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Japan's PM criticised for not apologising for forcing women into sex trade

South Korea’s President said that he felt the speech left “much to be desired”.

Japannese PM Shinzo Abe laying a bouquet of flowers for those that died during World War II
Japannese PM Shinzo Abe laying a bouquet of flowers for those that died during World War II
Image: AP Photo/Shuji Kajiyama

JAPAN MARKED THE 70th anniversary of the end of World War II Saturday under criticism from China and South Korea which said nationalist Prime Minister Shinzo Abe’s war anniversary speech failed to properly apologise for Tokyo’s past aggression.

South Korean President Park Geun-Hye said his speech “left much to be desired” and stressed the need for Japan to resolve the issue of Asian women forced to work as sex slaves in Japanese military brothels.

In a move likely to further strain relations, a trio of cabinet ministers visited the controversial Yasukuni shrine, which neighbouring countries see as a symbol of Tokyo’s militarist past.

Memorial services on the day Japan surrendered to the Allies in 1945 come after Abe on Friday delivered a closely watched speech that expressed regret but also said future generations need not apologise for Japan’s war record.

His remarks were welcomed by the US but blasted by China as a non-apology, while Pyongyang derided it as “an unpardonable mockery of the Korean people”.

South Korea Japan WWII Statement South Korean protesters yesterday Source: AP Photo/Lee Jin-man

Nations welcoming the remarks

The Philippines, another wartime foe, however said it had rebuilt a “strong friendship” with Tokyo.

Likewise, Australia’s Prime Minister Tony Abbott said Abe’s remarks “should make it easier for other countries to accept Japan’s commitment to a better future for all, and to strengthen their own friendships with Japan”.

In a speech for Saturday’s war commemorations, Emperor Akihito said he felt “profound remorse” over the conflict Tokyo fought in the name of his father Hirohito.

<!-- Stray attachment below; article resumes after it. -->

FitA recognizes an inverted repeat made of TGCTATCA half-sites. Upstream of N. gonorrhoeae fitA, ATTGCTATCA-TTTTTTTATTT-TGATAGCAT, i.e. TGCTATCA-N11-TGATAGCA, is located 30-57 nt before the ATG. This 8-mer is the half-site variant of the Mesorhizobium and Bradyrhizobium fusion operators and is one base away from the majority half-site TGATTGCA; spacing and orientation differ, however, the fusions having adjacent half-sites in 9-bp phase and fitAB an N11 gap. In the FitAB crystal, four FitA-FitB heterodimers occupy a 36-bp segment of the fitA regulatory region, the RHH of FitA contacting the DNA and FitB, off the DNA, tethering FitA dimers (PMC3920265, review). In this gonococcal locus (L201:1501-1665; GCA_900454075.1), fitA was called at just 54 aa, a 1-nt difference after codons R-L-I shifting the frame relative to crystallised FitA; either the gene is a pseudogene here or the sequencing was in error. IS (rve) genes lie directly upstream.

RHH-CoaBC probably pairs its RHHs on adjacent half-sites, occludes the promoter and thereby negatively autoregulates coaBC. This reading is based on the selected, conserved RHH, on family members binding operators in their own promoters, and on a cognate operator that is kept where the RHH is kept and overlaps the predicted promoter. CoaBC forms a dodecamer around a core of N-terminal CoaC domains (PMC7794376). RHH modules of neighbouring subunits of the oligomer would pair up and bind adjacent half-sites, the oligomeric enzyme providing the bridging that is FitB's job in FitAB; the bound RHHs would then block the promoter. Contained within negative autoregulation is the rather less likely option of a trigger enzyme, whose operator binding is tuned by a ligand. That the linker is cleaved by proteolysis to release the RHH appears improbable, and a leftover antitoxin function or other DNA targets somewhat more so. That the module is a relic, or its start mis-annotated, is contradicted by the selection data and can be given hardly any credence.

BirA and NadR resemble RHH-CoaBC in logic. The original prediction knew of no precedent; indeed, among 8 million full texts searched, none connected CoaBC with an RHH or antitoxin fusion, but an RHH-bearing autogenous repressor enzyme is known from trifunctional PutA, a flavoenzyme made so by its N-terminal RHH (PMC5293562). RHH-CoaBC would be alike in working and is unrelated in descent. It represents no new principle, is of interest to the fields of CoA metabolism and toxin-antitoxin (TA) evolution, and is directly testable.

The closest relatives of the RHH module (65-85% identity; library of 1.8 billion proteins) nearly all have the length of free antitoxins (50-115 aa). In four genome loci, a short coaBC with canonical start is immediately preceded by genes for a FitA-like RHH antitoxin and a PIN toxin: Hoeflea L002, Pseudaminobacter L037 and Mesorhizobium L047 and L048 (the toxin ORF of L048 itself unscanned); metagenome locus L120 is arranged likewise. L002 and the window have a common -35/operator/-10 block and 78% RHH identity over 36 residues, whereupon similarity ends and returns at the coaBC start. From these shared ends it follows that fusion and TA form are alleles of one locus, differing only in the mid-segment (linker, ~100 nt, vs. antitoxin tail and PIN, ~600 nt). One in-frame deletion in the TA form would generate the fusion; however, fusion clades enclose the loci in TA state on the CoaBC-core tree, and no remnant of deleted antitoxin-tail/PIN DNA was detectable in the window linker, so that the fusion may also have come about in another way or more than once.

Some Japanese media said it was the first time the 81-year-old, a symbolic figurehead, had used those words at the annual memorial.

Earlier, Haruko Arimura, minister for women’s empowerment, entered the gates of Yasukuni, which is dedicated to millions of Japanese who died in conflicts — but also includes more than a dozen war criminals’ names on its honour list and a museum that paints Japan as a victim of US aggression.

It makes scant reference to the brutality of invading Imperial troops when they stormed through Asia — especially China and Korea — in the 20th century.

The speech

But on Friday, Abe — who has been criticised for playing down Japan’s war record and trying to expand its present-day military — said future generations should not have to apologise.

“We must not let our children, grandchildren and even further generations to come, who have nothing to do with that war, be predestined to apologise,” he said.

Japan War Anniversary Japanese men wearing outdated military costumes paying respect to the country's war dead Source: AP Photo/Shuji Kajiyama

He also reiterated his desire to meet with Chinese President Xi Jinping, possibly early next month. His speech made specific reference to the suffering of Chinese people at hands of Japanese soldiers.

Analysts said Abe was appealing to allies and neighbours while sticking to his nationalist convictions.

The Global Times newspaper, closely tied to the Chinese Communist Party, said the contradictory nature of Abe’s speech meant that “what is left may be basically nothing”.

“The speech will not trigger a worsening of Sino-Japanese ties, nor will it help to significantly improve the relations,” it said.

- © AFP, 2015

Read: Italian woman who had baby with German soldier reunited with daughter after 71 years

Also: “Clawing at the earth, swelling as if with its regurgitation of all the life that it had consumed”

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